Catherine Eliza “Beth” Connell, PT, DPT

Catherine Eliza “Beth” Connell, PT, DPT

Bodies in Balance Physical Therapy | Wilmington and Hampstead, North Carolina | Years in practice: 24 | Bodies in Balance started 11 years ago | 3 locations | 30 employees

What is your favorite vacation spot? I love to travel and explore new places. My favorite trip was to Vancouver, where we, my husband and I, went heli-hiking. We hiked seven hours along a mountain range near Squamish, coming and going via helicopter, it was awesome!

How do you like to spend your free time? I really enjoy the beach, spending time with friends and family, paddle boarding, cooking, gardening, and playing tennis.

What do you like most about your job? Having a great business partner is definitely the best part. My business partner, Michelle DuPree Zumbro, and I share specializations in orthopedics, lymphedema, and vestibular rehab. We feel this variety keeps us interested in our patient care over the many years of practice. That being said, patient care is one of the best parts of my job. As our clinic has grown what I like most about my job has evolved. Lately I’ve enjoyed being a part of providing an environment where so many therapists of various years of experience can provide excellent patient care. I enjoy watching our employees develop new skills, apply new knowledge, and share and teach these ideas with their coworkers, students, and patients. Eleven of our PTs have become board certificated. We have dry needling certifications for eight of our staff. We have added specializations in many areas including Parkinson’s, concussion, sports, and chronic pain.

What do you like the least about your job? Keeping up with the ever-changing regulations, especially the ones without clear guidelines, is the most frustrating part of my job. One example was last year when the MIPS guidelines for qualifying clinics were released. Our clinic employed 16 different therapists during 2018 (15 and under is considered small and did not qualify). Our clinic apparently was considered small, as we did not have over 15 therapists at one time. Still waiting for this to be interpreted differently.

Your contributions to the community: We have therapists that speak at various support groups including Parkinson’s and Charcot-Marie-Tooth (CMT). We participate in events for cancer, cystic fibrosis (CF), multiple sclerosis (MS), and pregnancy, as well as sponsor marathons and bike rides. We sponsor youth athletic teams as well, and have had free sports screenings.

Describe your business tactics: We are clinicians first. We are very patient focused, and emphasize the importance in staying up to date, listening to our patients, and doing our best to make a difference at each visit. We track more numbers than we used to, and we do more marketing in forms of social media. But the large majority of our growth is from word of mouth. Our patients do the large majority of our marketing. We put most of our efforts into providing great care.

Culture is very important; we strive to cultivate a positive, compassionate environment for our staff and our patients. We work as a team, and don’t allow drama. We make sure to do some team building, maybe go and play volleyball, or rock climbing.

We also lead by example. Michelle and I work as one of the staff, we will add patients on and pitch in however is needed. We all respect and care for one another, and this creates teamwork.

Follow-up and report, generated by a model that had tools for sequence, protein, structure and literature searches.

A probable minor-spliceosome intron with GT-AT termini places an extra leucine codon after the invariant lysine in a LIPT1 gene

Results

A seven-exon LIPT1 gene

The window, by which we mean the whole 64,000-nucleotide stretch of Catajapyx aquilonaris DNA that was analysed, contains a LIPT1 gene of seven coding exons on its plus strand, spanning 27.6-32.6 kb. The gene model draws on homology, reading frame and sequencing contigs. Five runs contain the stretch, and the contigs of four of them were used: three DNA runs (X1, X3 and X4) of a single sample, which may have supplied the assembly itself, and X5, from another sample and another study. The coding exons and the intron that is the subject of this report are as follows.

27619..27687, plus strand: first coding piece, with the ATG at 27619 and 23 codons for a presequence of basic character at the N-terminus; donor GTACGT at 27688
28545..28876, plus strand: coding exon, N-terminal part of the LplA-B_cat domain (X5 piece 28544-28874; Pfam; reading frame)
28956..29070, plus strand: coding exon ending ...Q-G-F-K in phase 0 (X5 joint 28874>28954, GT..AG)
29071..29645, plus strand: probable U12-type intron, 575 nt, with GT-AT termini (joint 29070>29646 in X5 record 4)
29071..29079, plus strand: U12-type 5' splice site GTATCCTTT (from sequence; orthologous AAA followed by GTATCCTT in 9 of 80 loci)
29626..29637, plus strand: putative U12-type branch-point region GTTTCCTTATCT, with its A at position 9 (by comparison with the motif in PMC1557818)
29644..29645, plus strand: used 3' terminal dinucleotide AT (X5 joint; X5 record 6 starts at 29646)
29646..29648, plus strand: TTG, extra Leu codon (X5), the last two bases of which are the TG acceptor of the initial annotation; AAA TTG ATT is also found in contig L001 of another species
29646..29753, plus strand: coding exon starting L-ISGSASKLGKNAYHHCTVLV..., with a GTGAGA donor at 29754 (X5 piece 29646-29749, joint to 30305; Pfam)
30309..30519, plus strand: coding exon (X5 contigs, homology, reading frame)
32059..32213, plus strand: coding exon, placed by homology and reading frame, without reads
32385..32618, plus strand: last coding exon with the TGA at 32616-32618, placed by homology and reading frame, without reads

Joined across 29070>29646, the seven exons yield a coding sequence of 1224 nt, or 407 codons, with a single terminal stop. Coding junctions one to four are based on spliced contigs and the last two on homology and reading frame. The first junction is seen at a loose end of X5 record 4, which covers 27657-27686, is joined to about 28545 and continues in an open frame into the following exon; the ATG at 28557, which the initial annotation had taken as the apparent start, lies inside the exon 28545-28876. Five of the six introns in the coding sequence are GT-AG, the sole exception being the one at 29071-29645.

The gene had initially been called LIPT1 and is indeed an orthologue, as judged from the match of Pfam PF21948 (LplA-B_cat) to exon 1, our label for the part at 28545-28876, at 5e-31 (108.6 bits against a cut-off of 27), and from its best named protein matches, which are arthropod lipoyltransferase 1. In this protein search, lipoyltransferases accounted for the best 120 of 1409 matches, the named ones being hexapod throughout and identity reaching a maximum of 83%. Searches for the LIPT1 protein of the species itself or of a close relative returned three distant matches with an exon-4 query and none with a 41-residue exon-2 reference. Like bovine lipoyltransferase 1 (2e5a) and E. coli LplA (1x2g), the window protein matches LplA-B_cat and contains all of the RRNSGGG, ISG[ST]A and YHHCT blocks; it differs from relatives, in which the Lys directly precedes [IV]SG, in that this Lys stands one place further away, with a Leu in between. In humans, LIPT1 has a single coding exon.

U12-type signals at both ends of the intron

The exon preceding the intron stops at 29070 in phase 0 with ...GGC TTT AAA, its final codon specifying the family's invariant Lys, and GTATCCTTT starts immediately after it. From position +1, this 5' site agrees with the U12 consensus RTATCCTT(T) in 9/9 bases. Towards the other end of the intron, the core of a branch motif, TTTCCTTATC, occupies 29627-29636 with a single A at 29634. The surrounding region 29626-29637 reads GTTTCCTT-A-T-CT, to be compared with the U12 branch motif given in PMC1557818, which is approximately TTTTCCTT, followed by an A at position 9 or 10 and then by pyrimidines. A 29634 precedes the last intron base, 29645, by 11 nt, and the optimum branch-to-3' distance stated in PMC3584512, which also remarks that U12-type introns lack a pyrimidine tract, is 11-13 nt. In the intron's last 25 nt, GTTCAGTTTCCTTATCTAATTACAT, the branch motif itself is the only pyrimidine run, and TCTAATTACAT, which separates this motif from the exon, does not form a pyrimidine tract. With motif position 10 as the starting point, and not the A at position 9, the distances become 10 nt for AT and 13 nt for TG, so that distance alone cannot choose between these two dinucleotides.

What are the benefits of PPS membership to your practice? As many people will say, the networking amongst the clinic owners is invaluable and absolutely one of the best parts about being a member of PPS. To sit and share ideas about hiring, choosing new locations, or what is the best clinic size, is really interesting and has been incredibly helpful.

We have attended so many great courses that have given us some great direction including best metrics to help monitor/measure our viability; specifics on what best practices do; updates with regulations, payments, compliance, etc. We have implemented many ideas including incentive pay and profit sharing, board certification exams within three years of employment, to name a few.

Mentors: My parents, they are both hardworking, successful people. My father is a successful businessperson, teaching, financial counseling, and for the last 20 years, he has operated opiate addiction rehab clinics. So he has also been a great resource for business and pain science. My mother was in health administration; she opened a primary care center and a tri-county regional hospice. Both have sat on state boards, and been resources for others in their fields. I am really proud of them and they have great advice.

If you could start over, what would you do differently? I would want to hire a great practice administrator early on. We tried this a couple of times without success. We have spent a lot of time on administrative tasks, creating systems, processes, etc… It would have eased some frustrations and inefficiencies. I have also considered if we would have started much earlier, we perhaps could have expanded to have many more locations. We get phone calls asking if we have locations in other states and love to think how great that could be. It would be great to have a clinic closer to my family in the Chattanooga area as I know there is a need for some of our specializations. But as we remind ourselves, bigger is not always better, and things are probably best the way they are. If we would have gotten that big, I would not be doing patient care near as much as I am now.

What are your goals for the next year? Survival! Honestly, we are training an office coordinator with hopes of growing her into the role. We will hope to open our fourth location, have our chronic pain program fully implemented, and still have time to play and travel!

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